IRVING, Texas — The Big 12’s collective pool of cash has continued to grow.
Commissioner Bob Bowlsby announced $252 million in distributable revenue from the 2014-15 school year to close the league’s spring business meetings on Friday.
The league’s eight remaining founding members received shares ranging from $25.5 million to $27 million, which varied by participation in various championships.
TCU received a share of nearly $24 million, about a million more than West Virginia because the Frogs qualified for a CFP access bowl last season.
TCU and West Virginia received 85 percent shares this year, up from 67 percent a year ago, per their agreement to join the Big 12. Both will receive full shares for the first time next year.
The Big 12 distributed $220.1 million last year, an average of $22 million per school.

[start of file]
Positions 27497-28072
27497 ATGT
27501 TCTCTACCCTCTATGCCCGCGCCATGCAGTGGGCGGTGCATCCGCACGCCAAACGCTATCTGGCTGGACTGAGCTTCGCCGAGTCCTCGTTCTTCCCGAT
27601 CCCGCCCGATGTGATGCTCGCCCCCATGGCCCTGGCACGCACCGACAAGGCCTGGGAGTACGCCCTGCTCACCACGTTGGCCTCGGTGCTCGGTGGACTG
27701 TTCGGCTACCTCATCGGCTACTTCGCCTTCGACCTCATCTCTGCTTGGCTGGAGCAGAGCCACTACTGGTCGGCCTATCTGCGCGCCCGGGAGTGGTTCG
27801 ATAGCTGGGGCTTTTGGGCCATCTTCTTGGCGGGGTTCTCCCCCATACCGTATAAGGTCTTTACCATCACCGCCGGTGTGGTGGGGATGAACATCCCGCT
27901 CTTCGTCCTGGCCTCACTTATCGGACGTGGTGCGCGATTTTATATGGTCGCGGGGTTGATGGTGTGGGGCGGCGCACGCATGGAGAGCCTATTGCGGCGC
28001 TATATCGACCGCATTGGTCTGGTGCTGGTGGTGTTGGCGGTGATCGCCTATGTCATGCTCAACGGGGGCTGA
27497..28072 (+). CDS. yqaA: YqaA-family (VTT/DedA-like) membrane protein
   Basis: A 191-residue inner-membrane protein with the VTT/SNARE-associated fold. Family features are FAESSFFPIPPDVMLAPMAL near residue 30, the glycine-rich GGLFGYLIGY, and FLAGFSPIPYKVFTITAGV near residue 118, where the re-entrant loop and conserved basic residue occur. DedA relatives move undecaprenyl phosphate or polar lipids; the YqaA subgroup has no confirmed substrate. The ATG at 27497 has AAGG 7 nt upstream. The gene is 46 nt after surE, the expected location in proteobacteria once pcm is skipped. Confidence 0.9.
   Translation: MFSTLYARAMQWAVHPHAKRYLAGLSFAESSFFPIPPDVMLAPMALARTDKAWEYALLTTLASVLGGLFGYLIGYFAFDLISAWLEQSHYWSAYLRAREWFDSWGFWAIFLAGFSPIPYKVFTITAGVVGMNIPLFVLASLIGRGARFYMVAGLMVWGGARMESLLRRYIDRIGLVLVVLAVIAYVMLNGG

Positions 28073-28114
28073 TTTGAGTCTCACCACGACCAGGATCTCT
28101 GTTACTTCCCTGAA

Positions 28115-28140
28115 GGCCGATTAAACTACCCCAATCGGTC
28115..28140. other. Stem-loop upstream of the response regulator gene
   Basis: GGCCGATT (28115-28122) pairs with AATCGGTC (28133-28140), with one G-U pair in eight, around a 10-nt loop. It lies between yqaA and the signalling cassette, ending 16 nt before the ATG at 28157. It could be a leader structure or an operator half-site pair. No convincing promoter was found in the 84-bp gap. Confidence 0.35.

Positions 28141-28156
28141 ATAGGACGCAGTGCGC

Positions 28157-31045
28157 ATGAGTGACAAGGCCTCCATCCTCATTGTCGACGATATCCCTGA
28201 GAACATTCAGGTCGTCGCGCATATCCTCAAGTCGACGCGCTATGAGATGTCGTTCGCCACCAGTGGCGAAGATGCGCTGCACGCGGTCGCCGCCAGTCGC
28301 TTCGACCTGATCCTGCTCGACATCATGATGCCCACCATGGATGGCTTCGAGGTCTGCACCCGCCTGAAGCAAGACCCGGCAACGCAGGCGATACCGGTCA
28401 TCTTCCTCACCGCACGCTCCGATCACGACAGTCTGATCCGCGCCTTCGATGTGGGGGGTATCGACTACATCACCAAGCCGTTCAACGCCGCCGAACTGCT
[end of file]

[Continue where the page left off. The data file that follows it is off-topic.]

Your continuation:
Bowlsby reiterated on Friday that the league’s distribution numbers do not include third-tier revenue, which schools are free to monetize on their own. Texas earns an additional $15 million per year from ESPN for the Longhorn Network. West Virginia earned a reported $6.6 million this year for its agreement with IMG.
Kansas and Oklahoma have deals with Time Warner Cable and Fox Sports, respectively, that earn them similar figures.
Other league schools earn around $2-3 million with smaller distribution agreements.
Friday, ESPN reported the SEC was distributing more than $30 million per school, up from $20 million a year ago, thanks to the SEC Network’s launch.
"I think we’re in a very good place financially," said Oklahoma State president Burns Hargis, the outgoing chairman of the league’s board of directors. "The disparity is near what that looks like. As long as our student athletes are getting the facilities and academic support and full cost of attendance dollars, we’ll be able to compete just fine and I don’t think our fans will question that."
The Big 12 withheld a surplus of $8.7 million from its distributable revenue to account for legal fees and unforeseen costs.